Sustainable solutions
“Beyond COP17, civil society will have to rally our leaders and big business around issues that mitigate climate change — issues that create opportunities for green entrepreneurship and are supportive of green investment. Green knowledge is the new currency,” Damon said.

Although COP17 raised awareness about the difference between mitigation and adaptation and impressed on most South Africans the critical importance of sustainability and working together to safeguard the future, it was difficult to tell whether it had changed their behaviour, the NGOs said.

“It may be too early to tell, but what was evident for me is the role that the private sector plays in helping to deliver sustainable solutions to the country’s most pressing environmental challenges,” said Hamdulay.

“Companies have adopted climate change and sustainability into the very fabric of their strategic planning. This is an encouraging trend, especially if you consider that companies have the budgets to launch awareness campaigns to educate broader South Africa. The private sector plays a critical role in changing a country’s perception and behaviour.”

Damon said he expected Rio+20 to map a way forward for the green economy and contribute to South Africa’s goal of 300 000 green-collar jobs in the next 10 years.

“I would also like to see more deployment of renewable energy, especially being supported by the small, medium and microenterprise sector. The success of Rio will depend on the degree to which the sustainable policy options explored there will be relevant to our local context,” he said.

After action, satisfaction at the awards
South Africans put on an impressive display of action for the ­climate at the COP17 conference in Durban late last year.

Now we invite you to showcase your success stories and encourage others to follow your example in the Mail & Guardian‘s prestigious Greening the Future awards and supplements.

Greening the Future is an annual celebration of efforts to create a cleaner planet without compromising progress.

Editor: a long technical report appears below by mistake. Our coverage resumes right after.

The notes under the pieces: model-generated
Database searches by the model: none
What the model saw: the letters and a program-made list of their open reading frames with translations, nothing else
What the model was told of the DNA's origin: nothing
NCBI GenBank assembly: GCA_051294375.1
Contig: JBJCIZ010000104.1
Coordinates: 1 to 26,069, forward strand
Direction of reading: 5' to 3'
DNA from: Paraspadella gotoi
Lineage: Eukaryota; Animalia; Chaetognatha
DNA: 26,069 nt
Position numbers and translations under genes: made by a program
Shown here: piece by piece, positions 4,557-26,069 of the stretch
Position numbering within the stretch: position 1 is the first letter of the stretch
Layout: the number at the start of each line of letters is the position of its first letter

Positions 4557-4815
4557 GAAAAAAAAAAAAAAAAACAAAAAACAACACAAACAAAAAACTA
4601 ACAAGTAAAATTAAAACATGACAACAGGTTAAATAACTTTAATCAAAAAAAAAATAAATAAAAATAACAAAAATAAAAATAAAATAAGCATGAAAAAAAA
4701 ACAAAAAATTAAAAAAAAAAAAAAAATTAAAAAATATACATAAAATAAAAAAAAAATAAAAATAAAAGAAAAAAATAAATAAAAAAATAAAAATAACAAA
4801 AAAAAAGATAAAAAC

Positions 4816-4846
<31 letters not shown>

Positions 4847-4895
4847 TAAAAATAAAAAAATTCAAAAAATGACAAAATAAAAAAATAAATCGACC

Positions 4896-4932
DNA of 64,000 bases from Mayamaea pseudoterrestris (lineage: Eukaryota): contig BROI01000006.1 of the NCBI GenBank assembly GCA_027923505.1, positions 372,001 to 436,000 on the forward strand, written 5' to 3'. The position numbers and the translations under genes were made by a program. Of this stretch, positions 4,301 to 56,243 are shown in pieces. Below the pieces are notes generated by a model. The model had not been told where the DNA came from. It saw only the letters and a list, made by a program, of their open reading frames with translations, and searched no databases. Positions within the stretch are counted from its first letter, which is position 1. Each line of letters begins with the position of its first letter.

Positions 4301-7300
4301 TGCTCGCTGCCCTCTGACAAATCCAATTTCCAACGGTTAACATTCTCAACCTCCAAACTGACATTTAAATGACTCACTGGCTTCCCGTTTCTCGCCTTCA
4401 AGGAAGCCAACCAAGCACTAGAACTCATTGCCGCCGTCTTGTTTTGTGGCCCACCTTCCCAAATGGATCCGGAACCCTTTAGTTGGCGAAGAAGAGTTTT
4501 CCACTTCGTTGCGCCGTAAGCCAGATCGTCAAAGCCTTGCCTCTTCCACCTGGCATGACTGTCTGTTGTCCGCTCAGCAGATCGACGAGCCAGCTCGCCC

It showcases ­innovation in renewable energy, action to combat climate change and the strategic management of natural resources.

During World Environment Month in June, the finalists and winners of the awards will be honoured at a glittering ceremony as well as in a special supplement ­featured in the news­paper.

For the past nine years, Greening the Future has helped to heighten awareness of environmental best practice.

The awards are judged by a panel of forward-thinking and experienced individuals involved in shap­ing environmental sustainability in South Africa.

Entries close on Friday April 13. Join us in keeping the momentum of COP17 going forward in the interests of our planet and its people.

For information on how to enter the awards, email [email protected] or [email protected], or see

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Fiona Macleod
Fiona Macleod

Fiona Macleod is an environmental writer for the Mail & Guardian newspaper and editor of the M&G Greening the Future and Investing in the Future supplements.

She is also editor of Lowveld Living magazine in Mpumalanga.

An award-winning journalist, she was previously environmental editor of the M&G for 10 years and was awarded the Nick Steele award for environmental conservation.

She is a former editor of Earthyear magazine, chief sub-editor and assistant editor of the M&G, editor-in-chief of HomeGrown magazines, managing editor of True Love and production editor of The Executive.

She served terms on the judging panels of the SANParks Kudu Awards and The Green Trust Awards. She also worked as a freelance writer, editor and producer of several books, including Your Guide to Green Living, A Social Contract: The Way Forward and Fighting for Justice.